As chairman of the Press Ethics Commission, I was accorded the distinct privilege of chairing the particular panel discussion of the Commonwealth Journalists Association’s conference in Malta titled Democratic Deficits.

... like it or not, Malta is... experiencing a democratic deficit of sorts- Kevin F. Dingli

Democratic deficit is a famous phrase said to have been coined in 1979 by British political scientist David Marquand to describe the functioning of the then European Community.

Such a deficit is generally said to occur whenever an organisation or institution, particularly a government, albeit ostensibly democratic, in fact falls short of fulfilling what are believed to be the principles of democracy.

This perforce made me ponder and reflect on the political situation prevailing in our own backyard. I started off the session with what I considered to be a humorous quip.

Yet, when all was said and done and proceedings neatly wrapped up, I ultimately could not but reach the unhappy but honest conclusion that, like it or not, Malta is in fact experiencing a democratic deficit of sorts. This in itself is worrying.

Although it is true that the government did not lose the vote of no confidence in Parliament on January 26, because the opposition motion did not garner the required level of support, yet, at the same time, neither can the government morally lay claim to having won it.

In this, the Leader of the Opposition was correct to have remarked soon after the count that the fact remains that, put to the test, the government had not convincingly demonstrated it commands a positive majority in Parliament.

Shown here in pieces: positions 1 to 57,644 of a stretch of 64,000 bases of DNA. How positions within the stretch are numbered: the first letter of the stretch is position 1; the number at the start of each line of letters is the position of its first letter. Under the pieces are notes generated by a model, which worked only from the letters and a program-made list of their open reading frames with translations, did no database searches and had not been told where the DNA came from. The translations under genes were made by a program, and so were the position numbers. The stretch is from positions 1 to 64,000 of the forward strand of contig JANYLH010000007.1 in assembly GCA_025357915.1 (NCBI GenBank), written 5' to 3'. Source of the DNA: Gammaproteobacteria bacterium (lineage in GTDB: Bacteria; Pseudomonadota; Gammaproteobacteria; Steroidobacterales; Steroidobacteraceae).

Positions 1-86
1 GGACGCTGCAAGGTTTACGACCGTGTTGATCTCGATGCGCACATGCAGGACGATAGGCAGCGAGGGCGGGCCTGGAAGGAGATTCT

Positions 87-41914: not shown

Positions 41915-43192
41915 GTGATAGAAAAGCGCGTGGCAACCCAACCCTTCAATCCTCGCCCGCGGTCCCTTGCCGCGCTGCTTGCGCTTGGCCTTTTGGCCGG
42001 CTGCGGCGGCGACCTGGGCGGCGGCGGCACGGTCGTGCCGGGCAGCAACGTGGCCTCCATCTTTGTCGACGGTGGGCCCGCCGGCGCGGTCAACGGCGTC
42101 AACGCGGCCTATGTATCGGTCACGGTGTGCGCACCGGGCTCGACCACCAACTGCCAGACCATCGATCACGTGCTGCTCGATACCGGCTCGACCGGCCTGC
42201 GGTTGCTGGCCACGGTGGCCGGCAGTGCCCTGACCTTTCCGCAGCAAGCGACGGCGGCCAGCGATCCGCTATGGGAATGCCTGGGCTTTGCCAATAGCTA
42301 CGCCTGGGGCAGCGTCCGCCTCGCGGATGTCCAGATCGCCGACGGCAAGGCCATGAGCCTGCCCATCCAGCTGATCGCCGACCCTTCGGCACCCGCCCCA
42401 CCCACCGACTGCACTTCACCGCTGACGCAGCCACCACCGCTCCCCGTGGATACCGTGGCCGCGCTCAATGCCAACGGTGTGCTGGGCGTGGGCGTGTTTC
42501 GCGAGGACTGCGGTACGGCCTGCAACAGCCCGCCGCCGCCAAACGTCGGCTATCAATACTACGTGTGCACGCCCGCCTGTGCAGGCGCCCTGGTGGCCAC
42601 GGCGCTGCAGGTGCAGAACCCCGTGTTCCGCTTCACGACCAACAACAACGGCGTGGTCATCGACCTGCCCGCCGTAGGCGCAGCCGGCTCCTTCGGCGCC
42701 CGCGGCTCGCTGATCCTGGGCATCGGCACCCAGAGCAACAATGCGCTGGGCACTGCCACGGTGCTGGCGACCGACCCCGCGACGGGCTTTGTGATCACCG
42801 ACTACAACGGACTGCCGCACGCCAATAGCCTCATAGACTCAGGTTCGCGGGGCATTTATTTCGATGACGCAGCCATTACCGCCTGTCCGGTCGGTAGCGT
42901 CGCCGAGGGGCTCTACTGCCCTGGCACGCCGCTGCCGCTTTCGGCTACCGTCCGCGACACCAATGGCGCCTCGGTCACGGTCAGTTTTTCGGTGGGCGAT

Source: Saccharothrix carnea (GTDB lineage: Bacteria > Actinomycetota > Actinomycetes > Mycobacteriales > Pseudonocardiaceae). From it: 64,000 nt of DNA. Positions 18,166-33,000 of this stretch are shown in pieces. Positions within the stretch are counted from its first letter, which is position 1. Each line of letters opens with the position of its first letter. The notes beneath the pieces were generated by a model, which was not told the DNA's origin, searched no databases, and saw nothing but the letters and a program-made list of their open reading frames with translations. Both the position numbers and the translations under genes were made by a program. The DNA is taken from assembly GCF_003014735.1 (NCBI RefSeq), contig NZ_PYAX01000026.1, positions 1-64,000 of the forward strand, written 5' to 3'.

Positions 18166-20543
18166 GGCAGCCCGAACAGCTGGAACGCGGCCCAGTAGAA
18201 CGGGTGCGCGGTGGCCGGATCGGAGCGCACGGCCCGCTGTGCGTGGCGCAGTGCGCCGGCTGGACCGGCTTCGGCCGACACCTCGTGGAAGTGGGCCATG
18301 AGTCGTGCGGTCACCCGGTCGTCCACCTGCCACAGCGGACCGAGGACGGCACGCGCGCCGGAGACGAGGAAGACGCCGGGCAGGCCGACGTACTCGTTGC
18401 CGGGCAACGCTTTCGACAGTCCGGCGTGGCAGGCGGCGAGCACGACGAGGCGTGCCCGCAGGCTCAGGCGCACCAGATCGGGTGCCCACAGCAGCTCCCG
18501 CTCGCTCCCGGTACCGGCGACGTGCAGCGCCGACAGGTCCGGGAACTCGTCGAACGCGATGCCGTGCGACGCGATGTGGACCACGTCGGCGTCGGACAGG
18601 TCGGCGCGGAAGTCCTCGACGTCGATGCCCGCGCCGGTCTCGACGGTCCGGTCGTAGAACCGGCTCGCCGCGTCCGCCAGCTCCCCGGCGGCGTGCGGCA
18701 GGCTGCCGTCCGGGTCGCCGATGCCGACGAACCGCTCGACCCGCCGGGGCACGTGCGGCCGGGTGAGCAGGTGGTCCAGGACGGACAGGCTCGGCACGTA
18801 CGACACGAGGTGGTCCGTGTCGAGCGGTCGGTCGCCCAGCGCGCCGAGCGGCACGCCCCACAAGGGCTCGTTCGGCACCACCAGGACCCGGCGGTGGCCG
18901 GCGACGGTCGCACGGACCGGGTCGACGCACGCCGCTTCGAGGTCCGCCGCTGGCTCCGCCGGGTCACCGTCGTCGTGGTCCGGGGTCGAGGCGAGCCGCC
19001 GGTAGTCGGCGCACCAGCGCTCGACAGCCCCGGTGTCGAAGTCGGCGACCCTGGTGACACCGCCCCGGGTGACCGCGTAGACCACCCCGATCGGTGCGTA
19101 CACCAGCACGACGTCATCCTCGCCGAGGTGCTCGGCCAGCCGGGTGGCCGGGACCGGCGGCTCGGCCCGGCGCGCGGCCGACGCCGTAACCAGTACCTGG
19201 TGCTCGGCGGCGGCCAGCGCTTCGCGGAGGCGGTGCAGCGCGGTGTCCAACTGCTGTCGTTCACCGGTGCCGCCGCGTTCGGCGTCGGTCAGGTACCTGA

That is not, of course, to say that the government as presently constituted is illegitimate, illegal or unconstitutional in any way, shape or form. Nothing of the sort. However, democracy is fashioned out of much more sensitive skin than that and its refined values, which we all cherish, happen to transcend issues of crude legalities.

The plain truth, which the Prime Minister ought to face up to, is that if the government is, for whatever reason, unable to command a majority in the House, or, even worse, succumbing to blackmail, forcing it to resort to hidden compromise or concessions to regain that support, then he really has no other democratically credible or viable option open to him other than to pay that dignified call of duty to the President of the Republic.

Once again, due weight must be given to another statement by the Leader of the Opposition to the effect that any endorsement of the Prime Minister by the Nationalist Party general conference is no substitute for government support in that highest institution of the land, which is Parliament.

Malta has, so far, succeeded in weathering the bleak global economic situation confronting us pretty well, in no small part thanks to sound government policies. The Prime Minister understandably keeps reminding us both of the situation around us and also of his government’s successes in managing it. However, while it is admittedly a serious matter, the prevailing economic problems are completely irrelevant to the democratic equation.

Even a dictator could very easily seek to justify hanging on to power ad infinitum for reasons and perceptions such as these.

Beyond all economic considerations, yet, ironically, also because of them, the nation is vitally and urgently in need of removing instability, which uncertainty breeds. Stability is, after all, that fundamental building block essential for any investment and economic growth.

The Nationalist Party, to its utmost pride and credit, has always been on the right side of democracy throughout its long and cherished history. May those now at its helm, walking the dangerous tightrope of neither here nor there, always remember this and may history and posterity judge them kindly. They may yet come to be rewarded or punished by the electorate precisely for what they do or do not do now.

Dr Dingli is a lawyer.